For the past two days, we have been posting four books by women authors that we feel have changed tourism and today is no different. In celebration of Academic Book Week, today we would like to start by celebrating the first full text on qualitative methods in tourism. Jenny Phillimore and Lisa Goodson’s 2004 edited book, Qualitative Research in Tourism: Ontologies, Epistemologies and Methodologies introduced ‘new’ tourism methodologies. Surprisingly, even though the field of tourism is inter, multi or trans-disciplinary depending on who you talk to, it is still dominated by quantitative methods. This book deserves to be celebrated as it was one of the steps that has helped to mainstream qualitative approaches, which are most suitable for providing us with in-depth understandings of tourism and tourism processes.
Another first for tourism comes in the form of An Introduction to Visual Research Methods in Tourism by Tijana Rakić and Donna Chambers. Again, this was and is an important text for tourism researchers as much of the industry’s ability to sell destinations lies in the images it creates and promotes. More critical analyses of international relations may also focus on how people are packaged and pictured, visual methods can also provide a bridge for intercultural or cross-cultural research. Interestingly the majority of the chapters in both this book and the previous are authored by women.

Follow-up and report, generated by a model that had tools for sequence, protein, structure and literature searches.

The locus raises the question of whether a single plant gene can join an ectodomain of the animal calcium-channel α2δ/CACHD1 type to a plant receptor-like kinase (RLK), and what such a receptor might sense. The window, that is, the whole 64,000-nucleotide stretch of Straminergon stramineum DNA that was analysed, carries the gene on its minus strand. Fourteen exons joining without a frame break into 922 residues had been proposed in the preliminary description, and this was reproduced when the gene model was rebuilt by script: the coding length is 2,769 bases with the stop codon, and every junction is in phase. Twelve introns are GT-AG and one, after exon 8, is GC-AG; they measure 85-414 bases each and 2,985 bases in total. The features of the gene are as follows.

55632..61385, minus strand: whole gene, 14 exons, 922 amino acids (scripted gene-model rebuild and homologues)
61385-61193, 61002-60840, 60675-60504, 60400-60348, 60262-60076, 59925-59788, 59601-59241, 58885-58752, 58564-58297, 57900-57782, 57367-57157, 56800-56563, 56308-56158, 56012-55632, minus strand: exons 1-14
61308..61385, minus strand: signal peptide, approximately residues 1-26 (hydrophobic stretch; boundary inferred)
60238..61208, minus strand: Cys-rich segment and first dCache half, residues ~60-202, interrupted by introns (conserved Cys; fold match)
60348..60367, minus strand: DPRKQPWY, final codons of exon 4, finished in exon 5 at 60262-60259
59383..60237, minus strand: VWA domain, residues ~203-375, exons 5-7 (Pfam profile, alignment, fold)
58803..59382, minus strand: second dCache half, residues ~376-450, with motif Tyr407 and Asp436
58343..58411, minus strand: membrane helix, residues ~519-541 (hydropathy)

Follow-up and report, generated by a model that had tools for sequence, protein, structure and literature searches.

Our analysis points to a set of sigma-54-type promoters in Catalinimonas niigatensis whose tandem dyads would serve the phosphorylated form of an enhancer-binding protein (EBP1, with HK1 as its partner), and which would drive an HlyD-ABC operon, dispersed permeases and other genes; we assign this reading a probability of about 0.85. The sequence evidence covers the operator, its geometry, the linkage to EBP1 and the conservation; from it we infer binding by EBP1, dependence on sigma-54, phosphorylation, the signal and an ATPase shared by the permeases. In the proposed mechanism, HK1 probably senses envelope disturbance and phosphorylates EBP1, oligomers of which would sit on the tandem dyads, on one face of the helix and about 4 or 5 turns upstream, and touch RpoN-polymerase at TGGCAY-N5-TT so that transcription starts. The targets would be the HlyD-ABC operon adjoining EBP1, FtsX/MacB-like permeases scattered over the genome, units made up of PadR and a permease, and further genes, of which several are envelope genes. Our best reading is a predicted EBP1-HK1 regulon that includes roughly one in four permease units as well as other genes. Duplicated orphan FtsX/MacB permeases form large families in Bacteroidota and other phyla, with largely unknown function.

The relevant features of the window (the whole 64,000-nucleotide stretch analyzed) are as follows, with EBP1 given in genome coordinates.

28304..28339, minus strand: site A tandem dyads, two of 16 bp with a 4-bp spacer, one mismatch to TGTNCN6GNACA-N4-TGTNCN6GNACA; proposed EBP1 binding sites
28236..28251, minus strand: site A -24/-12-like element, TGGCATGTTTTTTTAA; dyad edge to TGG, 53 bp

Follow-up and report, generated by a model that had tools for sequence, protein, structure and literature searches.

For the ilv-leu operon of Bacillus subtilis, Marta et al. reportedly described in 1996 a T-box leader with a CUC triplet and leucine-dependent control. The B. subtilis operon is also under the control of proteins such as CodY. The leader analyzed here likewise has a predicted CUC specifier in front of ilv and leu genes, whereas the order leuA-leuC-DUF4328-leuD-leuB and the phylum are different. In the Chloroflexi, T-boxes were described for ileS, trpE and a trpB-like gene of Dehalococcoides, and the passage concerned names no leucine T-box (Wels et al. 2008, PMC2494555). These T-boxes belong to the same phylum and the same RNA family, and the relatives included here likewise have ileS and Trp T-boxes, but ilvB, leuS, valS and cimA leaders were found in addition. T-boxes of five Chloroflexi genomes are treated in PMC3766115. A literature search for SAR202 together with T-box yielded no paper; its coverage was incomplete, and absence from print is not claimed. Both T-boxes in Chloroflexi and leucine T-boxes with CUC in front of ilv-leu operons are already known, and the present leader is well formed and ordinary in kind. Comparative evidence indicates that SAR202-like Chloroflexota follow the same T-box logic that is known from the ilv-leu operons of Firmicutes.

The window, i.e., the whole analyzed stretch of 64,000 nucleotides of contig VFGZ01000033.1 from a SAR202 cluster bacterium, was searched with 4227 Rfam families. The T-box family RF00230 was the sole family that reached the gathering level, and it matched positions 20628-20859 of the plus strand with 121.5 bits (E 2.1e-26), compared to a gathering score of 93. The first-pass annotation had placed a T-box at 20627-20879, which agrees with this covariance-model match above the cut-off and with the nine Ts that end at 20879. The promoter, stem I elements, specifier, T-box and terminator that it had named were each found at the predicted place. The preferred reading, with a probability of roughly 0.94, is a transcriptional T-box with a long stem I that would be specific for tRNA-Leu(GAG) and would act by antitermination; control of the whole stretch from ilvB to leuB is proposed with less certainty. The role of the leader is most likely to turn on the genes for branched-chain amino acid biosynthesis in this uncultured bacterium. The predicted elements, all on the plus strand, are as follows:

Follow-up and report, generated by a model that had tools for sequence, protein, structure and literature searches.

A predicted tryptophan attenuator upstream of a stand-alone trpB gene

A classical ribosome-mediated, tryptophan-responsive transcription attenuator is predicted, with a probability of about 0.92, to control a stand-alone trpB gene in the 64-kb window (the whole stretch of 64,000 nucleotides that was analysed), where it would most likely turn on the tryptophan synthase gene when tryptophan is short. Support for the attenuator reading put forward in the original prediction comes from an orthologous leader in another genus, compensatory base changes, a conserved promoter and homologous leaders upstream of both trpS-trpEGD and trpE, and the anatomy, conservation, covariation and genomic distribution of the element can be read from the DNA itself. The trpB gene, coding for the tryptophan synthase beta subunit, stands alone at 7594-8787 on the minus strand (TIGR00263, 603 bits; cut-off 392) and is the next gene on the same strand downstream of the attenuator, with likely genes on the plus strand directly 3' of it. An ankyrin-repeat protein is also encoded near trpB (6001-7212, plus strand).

Jennie Germann Molz’s 2012 book Travel Connections Tourism, Technology and
Togetherness in a Mobile World has helped to update concepts such as the tourist gaze for the world we live in today. This book is particularly important for tourism researchers who are searching for ways to study technology and tourism, but are not overly keen on terming their work netnography. The book is still very relevant for those looking to theorise mobile connections and social media beyond the tourist decision process or e-word of mouth.
In line with the last post, one book that is definitely set to change tourism is Femininities in the Field Tourism and Transdisciplinary Research by Brooke Porter and Heike Schänzel. Nothing really prepares you for your first time ‘in the field’, but if you or somebody you know is planning on doing field work, you need this book. Each chapter is a reflective account of fieldwork and the issues and barriers that we face, which can be a lot higher if you happen to be in a female body. The stories that unfold here are very different to the often imagined solo male researcher, so we applaud this book for challenging stereotypes and opening conversation on topics that appear almost taboo, such as the breastfeeding researcher.